And, he did. Thank goodness. “What’s with the spheres?” Such a simple question yet it spun my universe and pitched me through the portal of a new perspective.

I learned that day that artistry has nothing to do with knowing. Life has nothing to do with knowing. Knowing is an illusion, temporary at best. Knowing has everything to do with hiding.

Making a life, as Master Marsh just reminded me, is an engagement with the unknown. It is to have experiences. It is to make meaning of the experiences. If you are lucky, you learn to have the experiences first, and make the meaning second. It is to understand that, in this dance of knowing and not-knowing, sight and blindness, chaos and order, consciousness and unconsciousness, there are no fixed points. There is dance:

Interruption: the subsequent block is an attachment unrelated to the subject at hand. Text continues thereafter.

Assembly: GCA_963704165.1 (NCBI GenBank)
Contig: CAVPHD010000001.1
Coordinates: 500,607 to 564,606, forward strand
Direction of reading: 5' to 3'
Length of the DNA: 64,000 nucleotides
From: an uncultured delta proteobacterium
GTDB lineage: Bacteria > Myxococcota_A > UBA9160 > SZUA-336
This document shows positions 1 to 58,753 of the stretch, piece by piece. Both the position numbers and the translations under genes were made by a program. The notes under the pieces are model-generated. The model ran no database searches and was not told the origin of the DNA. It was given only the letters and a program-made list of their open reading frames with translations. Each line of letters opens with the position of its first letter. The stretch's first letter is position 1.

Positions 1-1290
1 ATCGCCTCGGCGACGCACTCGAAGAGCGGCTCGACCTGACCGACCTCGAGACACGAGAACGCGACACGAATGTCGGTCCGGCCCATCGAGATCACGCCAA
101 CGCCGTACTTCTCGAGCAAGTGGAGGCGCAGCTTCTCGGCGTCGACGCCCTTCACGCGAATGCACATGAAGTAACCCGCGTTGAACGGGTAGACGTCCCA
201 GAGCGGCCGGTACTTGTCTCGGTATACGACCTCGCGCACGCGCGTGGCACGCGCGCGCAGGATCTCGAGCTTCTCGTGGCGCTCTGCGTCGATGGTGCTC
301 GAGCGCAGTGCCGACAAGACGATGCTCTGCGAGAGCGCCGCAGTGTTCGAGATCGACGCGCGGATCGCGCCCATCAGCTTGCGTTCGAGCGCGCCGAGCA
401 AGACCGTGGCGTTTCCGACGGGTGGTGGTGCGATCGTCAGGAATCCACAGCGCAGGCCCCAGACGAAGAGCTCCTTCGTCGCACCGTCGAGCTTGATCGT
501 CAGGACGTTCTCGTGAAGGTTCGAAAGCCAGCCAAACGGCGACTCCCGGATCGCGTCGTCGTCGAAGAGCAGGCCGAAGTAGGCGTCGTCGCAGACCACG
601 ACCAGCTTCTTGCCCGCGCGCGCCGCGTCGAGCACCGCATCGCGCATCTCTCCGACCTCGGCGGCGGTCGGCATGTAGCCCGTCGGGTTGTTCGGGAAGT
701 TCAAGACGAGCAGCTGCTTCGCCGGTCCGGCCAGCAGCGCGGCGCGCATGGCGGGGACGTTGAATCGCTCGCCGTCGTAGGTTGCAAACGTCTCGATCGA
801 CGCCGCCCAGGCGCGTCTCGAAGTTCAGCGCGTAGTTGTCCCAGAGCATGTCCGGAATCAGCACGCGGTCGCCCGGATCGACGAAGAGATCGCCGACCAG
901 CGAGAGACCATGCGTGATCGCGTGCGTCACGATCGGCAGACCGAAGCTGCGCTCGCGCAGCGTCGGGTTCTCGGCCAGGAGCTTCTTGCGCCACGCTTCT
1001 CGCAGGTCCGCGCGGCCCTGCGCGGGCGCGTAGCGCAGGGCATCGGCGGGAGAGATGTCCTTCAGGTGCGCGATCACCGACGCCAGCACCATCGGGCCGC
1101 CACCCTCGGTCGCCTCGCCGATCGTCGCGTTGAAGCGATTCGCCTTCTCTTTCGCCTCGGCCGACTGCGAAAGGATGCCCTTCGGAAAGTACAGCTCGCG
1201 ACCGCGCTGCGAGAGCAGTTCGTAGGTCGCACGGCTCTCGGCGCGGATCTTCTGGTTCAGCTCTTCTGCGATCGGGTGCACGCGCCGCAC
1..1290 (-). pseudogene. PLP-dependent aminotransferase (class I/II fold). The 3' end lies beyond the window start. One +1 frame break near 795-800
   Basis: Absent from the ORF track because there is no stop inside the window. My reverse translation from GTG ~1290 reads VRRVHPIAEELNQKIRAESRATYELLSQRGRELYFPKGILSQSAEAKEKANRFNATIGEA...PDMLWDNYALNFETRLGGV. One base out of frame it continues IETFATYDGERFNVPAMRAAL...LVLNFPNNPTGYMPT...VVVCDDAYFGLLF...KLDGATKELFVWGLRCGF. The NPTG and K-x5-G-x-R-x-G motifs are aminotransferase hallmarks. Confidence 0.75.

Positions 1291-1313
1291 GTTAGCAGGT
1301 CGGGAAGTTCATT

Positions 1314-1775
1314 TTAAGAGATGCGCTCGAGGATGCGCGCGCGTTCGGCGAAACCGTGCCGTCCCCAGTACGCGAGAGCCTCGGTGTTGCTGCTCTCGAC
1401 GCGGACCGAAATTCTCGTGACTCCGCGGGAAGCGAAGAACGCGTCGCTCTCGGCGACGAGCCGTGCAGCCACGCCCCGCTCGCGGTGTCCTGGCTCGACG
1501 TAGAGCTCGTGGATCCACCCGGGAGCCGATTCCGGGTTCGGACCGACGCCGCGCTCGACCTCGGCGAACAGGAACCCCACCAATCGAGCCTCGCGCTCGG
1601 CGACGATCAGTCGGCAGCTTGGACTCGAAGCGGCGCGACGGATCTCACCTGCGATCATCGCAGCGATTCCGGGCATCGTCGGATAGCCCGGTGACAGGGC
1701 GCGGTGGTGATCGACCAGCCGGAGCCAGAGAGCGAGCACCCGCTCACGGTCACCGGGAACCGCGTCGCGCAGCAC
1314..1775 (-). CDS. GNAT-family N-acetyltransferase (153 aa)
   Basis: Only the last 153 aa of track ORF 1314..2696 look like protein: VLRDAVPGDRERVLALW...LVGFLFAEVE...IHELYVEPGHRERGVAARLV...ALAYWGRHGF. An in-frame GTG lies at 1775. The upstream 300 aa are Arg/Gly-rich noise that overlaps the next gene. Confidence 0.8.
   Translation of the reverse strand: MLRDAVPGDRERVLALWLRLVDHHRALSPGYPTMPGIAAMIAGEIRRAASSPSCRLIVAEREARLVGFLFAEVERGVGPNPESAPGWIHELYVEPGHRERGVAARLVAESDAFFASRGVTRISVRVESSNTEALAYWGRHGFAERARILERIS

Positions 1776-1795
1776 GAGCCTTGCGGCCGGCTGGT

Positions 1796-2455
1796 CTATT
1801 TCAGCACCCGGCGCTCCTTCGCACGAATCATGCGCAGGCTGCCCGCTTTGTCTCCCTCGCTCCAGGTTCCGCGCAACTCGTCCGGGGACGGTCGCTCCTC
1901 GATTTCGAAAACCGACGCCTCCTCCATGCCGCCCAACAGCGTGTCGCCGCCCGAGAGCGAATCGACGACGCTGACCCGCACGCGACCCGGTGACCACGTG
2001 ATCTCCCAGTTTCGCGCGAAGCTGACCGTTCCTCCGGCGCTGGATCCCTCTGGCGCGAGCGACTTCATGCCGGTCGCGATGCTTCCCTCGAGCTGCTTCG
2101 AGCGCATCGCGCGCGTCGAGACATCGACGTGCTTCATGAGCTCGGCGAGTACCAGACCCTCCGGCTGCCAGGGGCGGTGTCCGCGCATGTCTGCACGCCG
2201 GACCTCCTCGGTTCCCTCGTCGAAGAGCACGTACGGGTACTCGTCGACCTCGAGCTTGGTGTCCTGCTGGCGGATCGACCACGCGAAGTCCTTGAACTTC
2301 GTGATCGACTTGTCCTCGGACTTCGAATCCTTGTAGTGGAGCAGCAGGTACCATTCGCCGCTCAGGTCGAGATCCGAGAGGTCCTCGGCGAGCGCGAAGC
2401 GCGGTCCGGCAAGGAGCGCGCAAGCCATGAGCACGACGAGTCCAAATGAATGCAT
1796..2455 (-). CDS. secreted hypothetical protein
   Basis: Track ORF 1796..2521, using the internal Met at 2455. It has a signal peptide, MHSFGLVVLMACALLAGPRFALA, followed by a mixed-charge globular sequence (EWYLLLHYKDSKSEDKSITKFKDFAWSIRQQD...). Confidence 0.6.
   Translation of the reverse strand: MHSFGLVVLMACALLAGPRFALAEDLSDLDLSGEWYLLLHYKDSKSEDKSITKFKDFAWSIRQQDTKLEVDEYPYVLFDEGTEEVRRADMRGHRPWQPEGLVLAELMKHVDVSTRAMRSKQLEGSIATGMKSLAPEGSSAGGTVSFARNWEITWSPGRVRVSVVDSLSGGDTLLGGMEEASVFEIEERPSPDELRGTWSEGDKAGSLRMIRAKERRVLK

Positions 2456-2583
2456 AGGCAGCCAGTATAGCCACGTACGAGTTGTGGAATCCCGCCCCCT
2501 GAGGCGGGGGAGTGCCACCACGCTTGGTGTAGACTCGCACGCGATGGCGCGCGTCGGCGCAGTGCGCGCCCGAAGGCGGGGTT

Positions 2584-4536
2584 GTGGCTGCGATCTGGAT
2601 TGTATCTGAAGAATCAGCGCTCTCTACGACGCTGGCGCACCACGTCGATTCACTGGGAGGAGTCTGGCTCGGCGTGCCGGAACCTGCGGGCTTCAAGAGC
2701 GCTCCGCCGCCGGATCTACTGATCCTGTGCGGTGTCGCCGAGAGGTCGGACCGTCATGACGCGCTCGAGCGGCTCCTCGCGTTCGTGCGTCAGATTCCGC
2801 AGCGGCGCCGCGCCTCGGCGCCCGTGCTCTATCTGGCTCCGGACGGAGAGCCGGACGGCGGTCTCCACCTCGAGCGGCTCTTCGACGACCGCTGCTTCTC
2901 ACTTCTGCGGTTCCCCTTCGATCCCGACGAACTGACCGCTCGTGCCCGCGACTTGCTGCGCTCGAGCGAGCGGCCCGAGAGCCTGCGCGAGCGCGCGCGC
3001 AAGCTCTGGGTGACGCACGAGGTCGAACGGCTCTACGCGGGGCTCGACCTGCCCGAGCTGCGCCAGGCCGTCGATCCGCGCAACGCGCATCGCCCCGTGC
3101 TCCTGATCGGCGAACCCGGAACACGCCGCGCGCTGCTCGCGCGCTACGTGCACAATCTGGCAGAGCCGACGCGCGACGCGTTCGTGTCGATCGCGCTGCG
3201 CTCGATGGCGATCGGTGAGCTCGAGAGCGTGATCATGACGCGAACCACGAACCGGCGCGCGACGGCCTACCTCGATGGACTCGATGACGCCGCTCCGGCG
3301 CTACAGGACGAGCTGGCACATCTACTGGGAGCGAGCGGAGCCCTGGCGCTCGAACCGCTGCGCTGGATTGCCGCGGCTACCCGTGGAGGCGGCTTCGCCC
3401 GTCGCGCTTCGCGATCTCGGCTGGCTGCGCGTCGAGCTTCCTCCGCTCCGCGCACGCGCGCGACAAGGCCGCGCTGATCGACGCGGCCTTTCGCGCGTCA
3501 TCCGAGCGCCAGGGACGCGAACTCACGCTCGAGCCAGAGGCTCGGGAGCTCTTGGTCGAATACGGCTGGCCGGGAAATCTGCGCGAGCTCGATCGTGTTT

dance (noun) 1. An act of stepping or moving through a series of movements.

 

 

 

 

 

 

 

 

fine art prints available at society6.com

my original work on zatista.com

Save

Hold Hands And Step

Today, I believe the single greatest obstacle we throw in our way, the single greatest disservice we plant in our children, the unfortunate self-imposed exile many seniors adopt, the great source of interruption to all creative dreams and dreamers, is this: the ridiculous notion that one must know “how” to do anything before starting to do it.

Knowing “how” comes second.

The opportunity to look back and see “how” comes (necessarily) at the end of the process, not at the beginning. To learn, one must begin by not knowing “how.” Not-knowing-how is the basic assumption of lively, active, creative beings.

The second assumption: no one does this walk alone. No one knows all things. To successfully not-know-how invites the opportunity to ask questions of others. Hold hands and step.

Peter Block wrote a terrific book with a title that says it all: The Answer to How is Yes.